Study: MuSK-Specific Antibodies Do Not Explain Variation in Serum IgG4 Levels in People With MuSK MG

People with muscle-specific kinase myasthenia gravis appear to have more active antibody responses in general, the study found.

People with muscle-specific kinase (MuSK) myasthenia gravis (MG) have slightly elevated levels of serum immunoglobulin G4 (IgG4), but the phenomenon does not appear to be the result of a predisposition to generate IgG4 responses, according to a new study.

The investigators said it thus remains unclear which immunological mechanisms lead to the apparent increase in IgG4 production in these patients. The study was published in the Journal of Neuroimmunology.

Corresponding author Maartje G. Huijbers, PhD, of the Leiden University Medical Center, in the Netherlands, and colleagues, noted that MG is an antibody-mediated autoimmune disease that in most cases involves antibodies interfering with receptors for acetylcholine at the neuromuscular junction. However, in some patients, the disease is caused by antibodies to other proteins, including MuSK.

The antigen-specific antibodies in antibody-mediated autoimmune diseases are often from a specific subclass of immunoglobulin G, of which there are 4, Huijbers and colleagues said.

“The more prevalent form of MG with acetylcholine receptor (AChR) antibodies is caused by IgG1-3 autoantibodies,” they wrote.

However, MuSK MG is categorized as an IgG4 autoimmune disease, since the majority of pathogenic autoantibodies are of IgG subclass 4. That finding was surprising, the authors noted, given that IgG4 has anti-inflammatory characteristics. Yet, repeated studies have confirmed the observation.

“The predominant mechanism appears to be functional blocking of its antigen rather than antigenic modulation or complement activation common to IgG1-3 autoimmune diseases,” they wrote. “However, why these diseases are dominated by IgG4 autoantibody responses is unknown.”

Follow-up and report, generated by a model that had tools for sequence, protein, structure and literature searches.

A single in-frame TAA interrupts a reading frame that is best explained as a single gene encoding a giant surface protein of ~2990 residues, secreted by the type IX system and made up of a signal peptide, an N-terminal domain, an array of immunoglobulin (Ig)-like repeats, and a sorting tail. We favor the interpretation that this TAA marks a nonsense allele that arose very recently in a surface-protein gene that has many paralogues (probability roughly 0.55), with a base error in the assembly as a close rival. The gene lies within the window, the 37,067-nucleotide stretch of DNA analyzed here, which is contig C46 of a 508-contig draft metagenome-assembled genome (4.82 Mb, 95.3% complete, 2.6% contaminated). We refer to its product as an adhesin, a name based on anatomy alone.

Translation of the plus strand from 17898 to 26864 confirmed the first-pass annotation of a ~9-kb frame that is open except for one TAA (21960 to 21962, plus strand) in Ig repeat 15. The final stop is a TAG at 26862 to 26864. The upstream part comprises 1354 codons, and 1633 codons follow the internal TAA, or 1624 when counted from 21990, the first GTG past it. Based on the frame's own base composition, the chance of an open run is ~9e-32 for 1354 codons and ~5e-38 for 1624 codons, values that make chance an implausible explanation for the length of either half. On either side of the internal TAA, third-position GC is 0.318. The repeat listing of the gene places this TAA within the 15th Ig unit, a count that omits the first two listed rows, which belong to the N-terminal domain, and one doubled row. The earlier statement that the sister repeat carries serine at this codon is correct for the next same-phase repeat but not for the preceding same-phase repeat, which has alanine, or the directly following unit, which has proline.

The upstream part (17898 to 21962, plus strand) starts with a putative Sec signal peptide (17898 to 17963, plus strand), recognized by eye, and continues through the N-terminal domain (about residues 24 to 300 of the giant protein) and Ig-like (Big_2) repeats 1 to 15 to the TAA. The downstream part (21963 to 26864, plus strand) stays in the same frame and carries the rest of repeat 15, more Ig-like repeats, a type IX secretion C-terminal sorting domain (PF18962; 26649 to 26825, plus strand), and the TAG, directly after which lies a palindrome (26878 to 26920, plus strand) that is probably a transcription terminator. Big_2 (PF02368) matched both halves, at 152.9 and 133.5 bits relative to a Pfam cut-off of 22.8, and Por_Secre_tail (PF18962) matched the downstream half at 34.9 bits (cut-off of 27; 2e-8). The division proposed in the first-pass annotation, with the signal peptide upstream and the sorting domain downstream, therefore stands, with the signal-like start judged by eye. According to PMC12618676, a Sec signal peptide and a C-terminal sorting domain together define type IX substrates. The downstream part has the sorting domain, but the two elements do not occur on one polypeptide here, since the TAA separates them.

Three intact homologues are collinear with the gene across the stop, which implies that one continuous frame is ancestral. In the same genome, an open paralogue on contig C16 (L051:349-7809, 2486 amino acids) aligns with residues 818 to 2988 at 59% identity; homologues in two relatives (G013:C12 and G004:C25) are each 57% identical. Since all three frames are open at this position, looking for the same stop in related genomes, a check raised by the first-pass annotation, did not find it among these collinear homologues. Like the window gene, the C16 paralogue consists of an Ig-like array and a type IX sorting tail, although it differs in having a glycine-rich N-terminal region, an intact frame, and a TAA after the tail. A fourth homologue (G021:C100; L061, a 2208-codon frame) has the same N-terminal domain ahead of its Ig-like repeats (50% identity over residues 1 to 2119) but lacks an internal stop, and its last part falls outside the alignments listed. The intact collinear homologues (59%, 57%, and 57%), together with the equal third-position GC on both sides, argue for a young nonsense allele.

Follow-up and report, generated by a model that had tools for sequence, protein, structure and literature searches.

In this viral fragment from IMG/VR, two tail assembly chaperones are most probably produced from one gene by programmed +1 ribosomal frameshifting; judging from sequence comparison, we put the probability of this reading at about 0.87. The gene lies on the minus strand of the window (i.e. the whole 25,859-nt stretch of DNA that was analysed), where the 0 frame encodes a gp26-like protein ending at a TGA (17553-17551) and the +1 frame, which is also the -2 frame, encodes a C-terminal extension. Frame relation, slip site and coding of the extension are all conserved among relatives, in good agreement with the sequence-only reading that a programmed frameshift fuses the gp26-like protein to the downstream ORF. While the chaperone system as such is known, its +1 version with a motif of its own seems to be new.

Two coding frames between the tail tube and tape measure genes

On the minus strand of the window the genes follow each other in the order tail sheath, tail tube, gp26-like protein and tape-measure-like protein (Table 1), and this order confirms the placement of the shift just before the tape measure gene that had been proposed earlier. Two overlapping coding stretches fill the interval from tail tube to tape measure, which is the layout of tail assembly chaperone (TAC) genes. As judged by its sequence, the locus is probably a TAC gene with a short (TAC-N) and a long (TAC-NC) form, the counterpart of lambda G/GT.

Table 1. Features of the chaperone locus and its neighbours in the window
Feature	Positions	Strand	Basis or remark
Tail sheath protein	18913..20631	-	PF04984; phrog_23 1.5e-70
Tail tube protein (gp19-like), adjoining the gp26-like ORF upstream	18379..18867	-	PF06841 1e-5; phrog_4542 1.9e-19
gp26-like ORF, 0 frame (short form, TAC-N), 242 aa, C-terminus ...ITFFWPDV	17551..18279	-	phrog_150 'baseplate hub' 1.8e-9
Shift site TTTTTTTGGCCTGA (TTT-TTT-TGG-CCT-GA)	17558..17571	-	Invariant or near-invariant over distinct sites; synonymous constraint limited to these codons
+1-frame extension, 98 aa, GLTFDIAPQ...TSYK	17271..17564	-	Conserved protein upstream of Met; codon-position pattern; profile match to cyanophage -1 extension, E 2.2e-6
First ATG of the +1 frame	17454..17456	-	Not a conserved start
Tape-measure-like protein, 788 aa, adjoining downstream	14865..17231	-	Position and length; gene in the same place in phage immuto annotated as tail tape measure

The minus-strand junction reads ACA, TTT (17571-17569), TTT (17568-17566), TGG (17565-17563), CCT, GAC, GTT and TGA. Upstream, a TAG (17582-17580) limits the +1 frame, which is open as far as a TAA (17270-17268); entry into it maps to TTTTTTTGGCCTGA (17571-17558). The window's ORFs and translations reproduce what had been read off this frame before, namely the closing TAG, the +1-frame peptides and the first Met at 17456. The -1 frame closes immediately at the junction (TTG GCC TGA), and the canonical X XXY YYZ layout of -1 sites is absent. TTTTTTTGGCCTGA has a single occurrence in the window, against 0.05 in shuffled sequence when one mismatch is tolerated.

Previous studies have found altered serum IgG levels in autoimmune diseases such as systemic lupus erythematosus and rheumatoid arthritis. Huijbers and colleagues thus wondered whether people with MuSK MG might also have a general predisposition to generate IgG4 responses.

In order to find out, the investigators used nephelometric and turbidimetric assays to quantify serum immunoglobulin isotypes and IgG subclasses in patients with MuSK MG and AChR MG. The samples came from databases and biobanks in 5 countries, and were all from patients who either had never taken immunosuppressive treatment or who had been off the therapy for at least one year prior to the sample date. The investigators also compared serum IgG levels in the participants to those of healthy patients.

The results showed that both the patients with MuSK MG and those with AChR MG had higher levels of absolute serum IgG1, compared to healthy controls. Those with MuSK MG—but not those with AChR MG—had significantly higher levels of IgG4, though in most cases patients’ IgG4 serum levels still fell within the normal range.

The investigators said a correlation analysis suggested that MuSK-specific antibodies alone do not appear to explain the variation in IgG4 levels in these patients. Rather, they said it appears that patients with MuSK MG may have a more active antibody response in general.

“However, since circulating IgG4 levels fall within the normal range for most MuSK MG patients, it is unlikely that a predisposition to ubiquitously generate IgG4 responses causes the dominance of IgG4 antibodies targeting MuSK,” they wrote.

The authors said more research is needed to better understand IgG4-autoimmune diseases, but they also noted that such research is challenging in MG, because the research relies on patients who have not received treatment with immunosuppressive therapy.


Vergoossen DLE, Ruiter AM, Keene KR, et al. Enrichment of serum IgG4 in MuSK myasthenia gravis patients. J Neuroimmunol. 2022;373:577978. doi:10.1016/j.jneuroim.2022.577978

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